sh. . .share or ship sis. . .sister spell. . .spelling or ed. surg. . .surgeon
sw. . .swear or swore syl. . .syllable tak. . .taken tho. . .though thot. . .thought
thro. . .through transcr. . .transcribed unit. . .uniting or ed unm. . .unmarried
var. . .various or variation w. . .wife wh. . .who or which wks. . .weeks wid. . .widow
yr. . .year
WHAT DO THOSE INITIALS MEAN??????
Initials after your ancestor's names may provide useful information that you would not expect. The following list includes initials you may come across when reading old wills or other documents.a.a.s. Died in the year of his/her age (anno aetitis suae)
d.s.p. Died without issue (decessit sine prole legitima)
d.s.p.l. Died without legitimate issue (decessit sine prole mascula supersita)
d.s.p.m.s. Died without surviving male issue (decessit sine prole supersita)
d.s.p.s. Died without surviving issue (decessit sine prole supersita)
d.unm Died unmarried
d.v.p. Died in the lifetime of his father (decessit vita patris)
d.v.m. Died in the lifetime of his mother (decessit vita matris)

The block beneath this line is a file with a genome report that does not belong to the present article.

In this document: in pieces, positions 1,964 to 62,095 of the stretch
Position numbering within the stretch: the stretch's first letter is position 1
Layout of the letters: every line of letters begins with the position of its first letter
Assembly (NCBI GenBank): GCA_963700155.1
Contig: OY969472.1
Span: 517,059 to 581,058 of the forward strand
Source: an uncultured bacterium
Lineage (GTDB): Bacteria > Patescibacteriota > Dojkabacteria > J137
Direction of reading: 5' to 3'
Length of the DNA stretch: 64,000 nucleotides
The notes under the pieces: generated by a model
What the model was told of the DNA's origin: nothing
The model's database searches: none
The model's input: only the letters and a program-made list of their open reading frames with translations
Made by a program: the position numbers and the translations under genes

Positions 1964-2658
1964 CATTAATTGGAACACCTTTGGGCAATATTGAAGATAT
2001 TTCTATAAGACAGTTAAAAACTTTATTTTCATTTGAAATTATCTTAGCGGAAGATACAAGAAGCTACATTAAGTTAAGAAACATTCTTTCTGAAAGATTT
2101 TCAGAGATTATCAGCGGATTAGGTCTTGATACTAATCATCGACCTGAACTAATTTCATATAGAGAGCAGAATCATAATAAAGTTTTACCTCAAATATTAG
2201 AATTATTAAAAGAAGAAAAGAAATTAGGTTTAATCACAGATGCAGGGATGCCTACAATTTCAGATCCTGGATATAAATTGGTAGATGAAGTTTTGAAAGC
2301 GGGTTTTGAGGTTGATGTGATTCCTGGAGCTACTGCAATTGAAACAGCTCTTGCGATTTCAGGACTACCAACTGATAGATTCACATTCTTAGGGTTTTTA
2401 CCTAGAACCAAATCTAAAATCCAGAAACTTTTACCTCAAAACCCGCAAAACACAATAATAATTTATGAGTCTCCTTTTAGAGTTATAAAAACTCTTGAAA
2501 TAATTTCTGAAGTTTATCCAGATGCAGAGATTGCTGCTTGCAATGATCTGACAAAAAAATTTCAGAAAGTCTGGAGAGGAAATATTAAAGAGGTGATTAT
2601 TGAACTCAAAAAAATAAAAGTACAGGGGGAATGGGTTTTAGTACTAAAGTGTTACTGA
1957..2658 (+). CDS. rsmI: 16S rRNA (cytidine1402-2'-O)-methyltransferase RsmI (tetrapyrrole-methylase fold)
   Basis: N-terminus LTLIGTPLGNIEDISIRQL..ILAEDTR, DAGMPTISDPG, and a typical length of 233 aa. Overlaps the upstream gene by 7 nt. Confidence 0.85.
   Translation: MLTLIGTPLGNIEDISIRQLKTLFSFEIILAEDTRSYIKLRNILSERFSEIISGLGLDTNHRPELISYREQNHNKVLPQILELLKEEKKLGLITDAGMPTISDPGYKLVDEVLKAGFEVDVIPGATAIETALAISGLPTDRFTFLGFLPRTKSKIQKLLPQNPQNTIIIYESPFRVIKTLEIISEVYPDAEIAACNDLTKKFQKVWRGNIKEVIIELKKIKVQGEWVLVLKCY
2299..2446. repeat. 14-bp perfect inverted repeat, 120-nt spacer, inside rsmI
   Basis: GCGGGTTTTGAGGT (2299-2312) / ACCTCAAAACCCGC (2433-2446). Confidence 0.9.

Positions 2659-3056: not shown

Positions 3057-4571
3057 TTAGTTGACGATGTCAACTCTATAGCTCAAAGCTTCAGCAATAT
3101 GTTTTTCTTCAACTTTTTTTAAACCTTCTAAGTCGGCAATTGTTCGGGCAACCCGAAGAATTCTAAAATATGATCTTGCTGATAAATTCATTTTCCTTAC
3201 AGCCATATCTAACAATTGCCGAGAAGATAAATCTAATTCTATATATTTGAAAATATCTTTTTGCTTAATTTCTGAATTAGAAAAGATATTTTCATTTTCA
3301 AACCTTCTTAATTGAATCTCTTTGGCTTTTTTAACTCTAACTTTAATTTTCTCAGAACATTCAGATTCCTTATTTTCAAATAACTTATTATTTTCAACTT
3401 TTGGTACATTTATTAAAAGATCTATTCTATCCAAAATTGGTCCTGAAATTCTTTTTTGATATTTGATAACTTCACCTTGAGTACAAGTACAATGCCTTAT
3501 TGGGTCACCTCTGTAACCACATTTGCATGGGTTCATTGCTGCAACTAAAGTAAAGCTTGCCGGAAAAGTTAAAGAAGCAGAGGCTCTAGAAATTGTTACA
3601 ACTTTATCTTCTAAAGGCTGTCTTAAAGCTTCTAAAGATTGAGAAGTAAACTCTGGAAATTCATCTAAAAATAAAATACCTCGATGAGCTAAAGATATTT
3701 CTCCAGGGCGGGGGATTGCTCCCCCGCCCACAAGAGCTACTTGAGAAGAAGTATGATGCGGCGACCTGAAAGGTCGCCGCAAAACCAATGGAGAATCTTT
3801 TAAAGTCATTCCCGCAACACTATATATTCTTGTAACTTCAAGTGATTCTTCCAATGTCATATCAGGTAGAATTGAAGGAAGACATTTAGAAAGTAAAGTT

Et al And others (et alia)
Inst Present month (instans)
Liber Book or volume
Nunc Nuncupative will, an oral will, written by a witness
Ob He/she died (obit)
Relict Widow or widower (relicta/relistus)
Sic So or thus, exact copy as written
Ult Late (ultimo)
Ux or Vs Wife (uxor)
Viz Namely (videlicet)
HOW MANY RELATIVES DO YOU HAVE?
8 Great Grandparents
16 GG Grandparents
32 GGG Grandparents
64 GGGG Grandparents
128 GGGGG Grandparents
256 GGGGGG Grandparents
512 GGGGGGG Grandparents
1,024 GGGGGGGG Grandparents
2,048 GGGGGGGGG Grandparents
4,096 GGGGGGGGGG Grandparents
8,192 GGGGGGGGGGG Grandparents
16,184 GGGGGGGGGGGG Grandparents
32,768 GGGGGGGGGGGGG Grandparents
65,036 GGGGGGGGGGGGGG Grandparents
131,072 GGGGGGGGGGGGGGG Grandparents
262,144 GGGGGGGGGGGGGGGG Grandparents
524,288 GGGGGGGGGGGGGGGGG Grandparents
1,444,576 GGGGGGGGGGGGGGGGGG Grandparents
2,097,152 GGGGGGGGGGGGGGGGGGG Grandparents
Is it any wonder that we spend so much time on genealogy?
From Pathways, Butler County, Chapter OGS Volume XVII, No. 4 - 1999
I Investigate index system peculiar to each book or record. Read the explanatory note, which precedes the listing. Study the overall appearance.
N Never give up! If the name isn't in the index and it should be, take the time to leaf through the book. No index is perfect.
D Decipher with in the alphabet - some indexes are only partially indexed.
E Explore all possible spelling variants and name changes.